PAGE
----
Herd Management

Designing a plan, carrying out a plan, and then evaluating that plan are key components of herd management.

Herd management encompasses a wide range of topics. Grazing rotations, cattle marketing plans, record keeping, herd health protocols, and ranch budgets and benchmarking are all items that fall under herd management.

Define a goal.

The choices you make will affect the livelihood of the cattle as well as the business profitability. Therefore, making calculated decisions is key. As with any business, a budget and goals should be made. Decisions should reflect the goals of the operation in accordance with the budget limitations.

Define a market.

Based on the goals of the operation, strategies should be in place to market calves. Are you raising feeders? Replacements? Show stock? Are you appealing to a more niche market such as grassfed or local beef? The market for each of these categories is different. Knowing your clientele can lead to developing cattle that are more profitable within there respected division. Understand your market. Markets fluctuate. Feed prices go up and market prices go down. Be flexible and prepared for change. Which is, however, easier said than done.

Keep detailed, accurate records.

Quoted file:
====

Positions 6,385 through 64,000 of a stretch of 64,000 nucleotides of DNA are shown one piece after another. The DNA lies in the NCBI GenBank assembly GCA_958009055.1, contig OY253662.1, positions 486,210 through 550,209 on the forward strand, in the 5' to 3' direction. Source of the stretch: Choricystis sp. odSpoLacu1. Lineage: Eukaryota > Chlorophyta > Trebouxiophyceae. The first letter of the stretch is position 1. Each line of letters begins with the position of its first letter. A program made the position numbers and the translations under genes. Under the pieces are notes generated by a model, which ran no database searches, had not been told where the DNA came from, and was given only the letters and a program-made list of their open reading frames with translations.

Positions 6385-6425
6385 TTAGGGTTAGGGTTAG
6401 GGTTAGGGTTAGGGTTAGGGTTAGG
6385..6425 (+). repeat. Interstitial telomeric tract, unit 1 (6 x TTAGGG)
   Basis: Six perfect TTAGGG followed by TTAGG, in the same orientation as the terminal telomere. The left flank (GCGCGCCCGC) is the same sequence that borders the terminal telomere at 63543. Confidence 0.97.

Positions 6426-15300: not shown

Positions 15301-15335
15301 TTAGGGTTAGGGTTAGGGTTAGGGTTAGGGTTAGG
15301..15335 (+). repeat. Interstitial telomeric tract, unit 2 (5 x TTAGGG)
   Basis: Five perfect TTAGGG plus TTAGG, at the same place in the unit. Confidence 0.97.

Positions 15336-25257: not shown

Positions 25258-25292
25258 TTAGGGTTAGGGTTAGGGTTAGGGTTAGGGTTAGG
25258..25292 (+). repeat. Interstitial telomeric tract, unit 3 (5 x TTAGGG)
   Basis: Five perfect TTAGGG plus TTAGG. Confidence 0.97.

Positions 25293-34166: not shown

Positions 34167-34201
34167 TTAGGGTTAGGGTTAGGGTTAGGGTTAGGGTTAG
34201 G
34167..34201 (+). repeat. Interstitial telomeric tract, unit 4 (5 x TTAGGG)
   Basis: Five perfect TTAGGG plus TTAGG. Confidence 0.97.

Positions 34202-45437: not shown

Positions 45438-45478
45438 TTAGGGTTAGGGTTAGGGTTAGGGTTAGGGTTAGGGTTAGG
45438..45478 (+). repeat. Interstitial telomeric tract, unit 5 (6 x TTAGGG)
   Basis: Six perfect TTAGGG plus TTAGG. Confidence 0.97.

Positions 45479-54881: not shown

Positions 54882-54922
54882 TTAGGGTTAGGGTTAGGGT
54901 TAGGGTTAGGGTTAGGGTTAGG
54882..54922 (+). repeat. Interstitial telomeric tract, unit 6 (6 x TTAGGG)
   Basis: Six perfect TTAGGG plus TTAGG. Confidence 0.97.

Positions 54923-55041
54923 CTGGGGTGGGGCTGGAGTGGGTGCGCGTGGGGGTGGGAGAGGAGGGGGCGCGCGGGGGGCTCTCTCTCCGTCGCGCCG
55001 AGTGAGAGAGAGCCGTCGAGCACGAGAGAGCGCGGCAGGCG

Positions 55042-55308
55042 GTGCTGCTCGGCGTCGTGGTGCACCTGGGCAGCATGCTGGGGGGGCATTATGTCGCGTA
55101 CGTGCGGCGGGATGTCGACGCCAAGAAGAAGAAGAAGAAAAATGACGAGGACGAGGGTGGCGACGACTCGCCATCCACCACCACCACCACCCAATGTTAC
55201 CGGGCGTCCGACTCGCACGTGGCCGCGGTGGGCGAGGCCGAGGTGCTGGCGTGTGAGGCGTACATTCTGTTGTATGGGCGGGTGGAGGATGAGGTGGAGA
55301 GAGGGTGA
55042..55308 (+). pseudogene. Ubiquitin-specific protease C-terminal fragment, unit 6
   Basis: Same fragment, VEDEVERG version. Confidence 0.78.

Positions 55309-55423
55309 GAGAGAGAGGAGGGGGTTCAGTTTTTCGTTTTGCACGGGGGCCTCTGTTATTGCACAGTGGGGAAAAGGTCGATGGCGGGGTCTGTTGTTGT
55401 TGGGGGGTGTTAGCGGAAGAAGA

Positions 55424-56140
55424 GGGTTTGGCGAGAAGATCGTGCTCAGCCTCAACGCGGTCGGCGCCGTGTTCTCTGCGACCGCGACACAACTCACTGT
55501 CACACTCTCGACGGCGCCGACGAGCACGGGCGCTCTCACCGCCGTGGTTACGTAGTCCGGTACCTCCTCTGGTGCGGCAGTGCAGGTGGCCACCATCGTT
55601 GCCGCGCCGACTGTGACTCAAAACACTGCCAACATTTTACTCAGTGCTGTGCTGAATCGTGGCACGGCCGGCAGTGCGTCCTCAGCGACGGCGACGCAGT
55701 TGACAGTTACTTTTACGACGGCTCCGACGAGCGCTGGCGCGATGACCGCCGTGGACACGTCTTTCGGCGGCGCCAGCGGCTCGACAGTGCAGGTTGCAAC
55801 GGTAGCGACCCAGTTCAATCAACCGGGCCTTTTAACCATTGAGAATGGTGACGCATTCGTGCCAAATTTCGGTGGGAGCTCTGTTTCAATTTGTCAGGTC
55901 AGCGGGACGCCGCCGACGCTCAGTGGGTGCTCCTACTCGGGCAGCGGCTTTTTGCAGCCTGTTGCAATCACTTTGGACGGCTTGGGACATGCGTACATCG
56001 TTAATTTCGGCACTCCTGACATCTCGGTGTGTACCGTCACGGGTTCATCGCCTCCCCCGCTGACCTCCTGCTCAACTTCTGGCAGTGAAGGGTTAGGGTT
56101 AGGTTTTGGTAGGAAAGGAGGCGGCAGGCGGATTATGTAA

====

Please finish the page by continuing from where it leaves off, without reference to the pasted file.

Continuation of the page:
You cannot manage what you do not measure. It is natural for animal caretakers to be focused on the animal and ranch operations, but failing to devote time to business operation tasks can lead to terminal consequences for the ranch. Animal identification, treatment records, pasture rotations, and birth dates are all important records to keep. Recording body condition scores can help compare pasture production, supplement strategies, genetics, and aid in culling decisions.

Define a calving season.

For cow/calf producers, defining a calving season helps more accurate and precise management to be applied. Managing a singular group of calves is significantly easier than managing a bunch of individual animals. In the same fashion, managing cows during breeding season is also easier in larger groups. Nutritional management, record keeping, and health maintenance will all benefit from a defined calving season.

Herd management can seem like a daunting task. Setting realistic expectations based on ranch goals will result in improvements. Before making decisions remember to consider your environment, your capabilities, and your limitations. Not all strategies will work on every operation and every environment.

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